I don’t think it’s about ‘finding’ the time, it’s about prioritising the time.

Many years ago, I worked for a PR and marketing communications agency. One of my responsibilities was time tracking, because in order to be profitable we could only afford to spend a certain number of hours on each client.


We also had to spend adequate time on our own work to promote ourselves, and also prove that we ‘had skin in the game’ and were doing all the things we were recommending our clients did.

There was a magical time split: 85% of our time should be billable, and 15% of our time was to only be spent on our own work – if you didn’t hit that percentage, it signalled there would be trouble ahead.

And this 85/15 split was also commonplace in the consultancies where I worked in-house. Here, the developers and engineers were always expected to be 85% billable.

So this idea of 15% of my time being reserved as time to spend on me, is something that’s been ingrained in my thinking from the very start.

Within my business, I know that if I tried to squeeze an article in every week it would never happen – I always have a lot of client work, and will try wherever possible to accommodate those last minute requests, so of course my own work will be the first thing to be cut off the ‘to-do’ list.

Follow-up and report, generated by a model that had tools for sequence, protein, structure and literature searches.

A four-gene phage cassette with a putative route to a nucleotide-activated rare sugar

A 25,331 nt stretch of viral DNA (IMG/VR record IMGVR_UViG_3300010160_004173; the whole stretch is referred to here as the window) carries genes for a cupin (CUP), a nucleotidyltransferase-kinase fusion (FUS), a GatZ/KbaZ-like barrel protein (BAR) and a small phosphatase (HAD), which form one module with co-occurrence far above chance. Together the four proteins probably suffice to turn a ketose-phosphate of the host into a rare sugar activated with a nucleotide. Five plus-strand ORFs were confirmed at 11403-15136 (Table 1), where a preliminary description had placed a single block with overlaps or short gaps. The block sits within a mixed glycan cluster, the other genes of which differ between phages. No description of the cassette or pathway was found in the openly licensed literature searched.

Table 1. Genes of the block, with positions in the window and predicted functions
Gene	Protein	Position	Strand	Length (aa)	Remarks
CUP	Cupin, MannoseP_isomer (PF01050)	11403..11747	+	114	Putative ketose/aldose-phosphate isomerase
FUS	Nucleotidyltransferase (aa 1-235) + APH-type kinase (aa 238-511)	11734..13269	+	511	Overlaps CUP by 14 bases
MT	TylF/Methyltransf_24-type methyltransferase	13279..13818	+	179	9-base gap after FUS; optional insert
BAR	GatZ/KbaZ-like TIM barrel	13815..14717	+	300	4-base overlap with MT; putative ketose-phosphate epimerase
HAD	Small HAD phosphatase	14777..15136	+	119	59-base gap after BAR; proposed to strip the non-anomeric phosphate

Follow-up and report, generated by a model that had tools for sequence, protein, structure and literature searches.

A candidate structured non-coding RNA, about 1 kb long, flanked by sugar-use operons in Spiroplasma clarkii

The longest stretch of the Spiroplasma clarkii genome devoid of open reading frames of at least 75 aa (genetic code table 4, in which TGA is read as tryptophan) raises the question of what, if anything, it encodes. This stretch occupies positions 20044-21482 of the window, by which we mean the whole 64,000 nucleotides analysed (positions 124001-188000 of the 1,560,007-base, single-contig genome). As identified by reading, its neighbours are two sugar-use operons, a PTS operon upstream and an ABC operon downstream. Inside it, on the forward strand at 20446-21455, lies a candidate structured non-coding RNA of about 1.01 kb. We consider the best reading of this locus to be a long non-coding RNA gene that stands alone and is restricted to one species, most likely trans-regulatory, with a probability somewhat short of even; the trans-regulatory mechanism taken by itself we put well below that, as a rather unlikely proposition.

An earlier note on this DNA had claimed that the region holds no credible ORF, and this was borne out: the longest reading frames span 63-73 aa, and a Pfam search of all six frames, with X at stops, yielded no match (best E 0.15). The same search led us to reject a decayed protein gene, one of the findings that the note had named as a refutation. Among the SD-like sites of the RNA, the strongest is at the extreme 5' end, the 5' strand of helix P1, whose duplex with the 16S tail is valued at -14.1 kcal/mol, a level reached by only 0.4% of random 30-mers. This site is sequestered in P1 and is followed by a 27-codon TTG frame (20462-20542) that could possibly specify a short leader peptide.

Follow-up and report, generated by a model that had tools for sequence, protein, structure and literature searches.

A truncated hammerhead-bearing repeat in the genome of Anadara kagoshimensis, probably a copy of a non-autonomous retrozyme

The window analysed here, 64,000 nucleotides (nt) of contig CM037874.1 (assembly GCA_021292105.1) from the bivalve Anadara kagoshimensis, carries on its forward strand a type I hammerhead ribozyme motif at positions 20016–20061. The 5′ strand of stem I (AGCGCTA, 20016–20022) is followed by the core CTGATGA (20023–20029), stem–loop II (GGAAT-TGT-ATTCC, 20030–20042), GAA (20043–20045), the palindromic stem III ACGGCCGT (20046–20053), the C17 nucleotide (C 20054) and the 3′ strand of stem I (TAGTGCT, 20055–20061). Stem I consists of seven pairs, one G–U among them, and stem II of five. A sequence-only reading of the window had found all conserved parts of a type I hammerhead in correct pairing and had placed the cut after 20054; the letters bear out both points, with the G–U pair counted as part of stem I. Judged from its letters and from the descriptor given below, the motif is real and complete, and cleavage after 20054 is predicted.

Therefore, I block-out a chunk of time every month, usually 1-2 days.

If I know this time is off-limits well in advance, it’s easy to plan client work around it, and allow myself the time to spend on my business.


It feels like a lovely treat to look forward to every month. Those days are precious where I can write about anything I want to and it’s all for me. It feels completely selfish and I love it!

By writing my content in big chunks, I start to build up a library of content. Then it doesn’t matter how busy I get with client work because I always have something ready to post.

Photo by Kelly Sikkema on Unsplash

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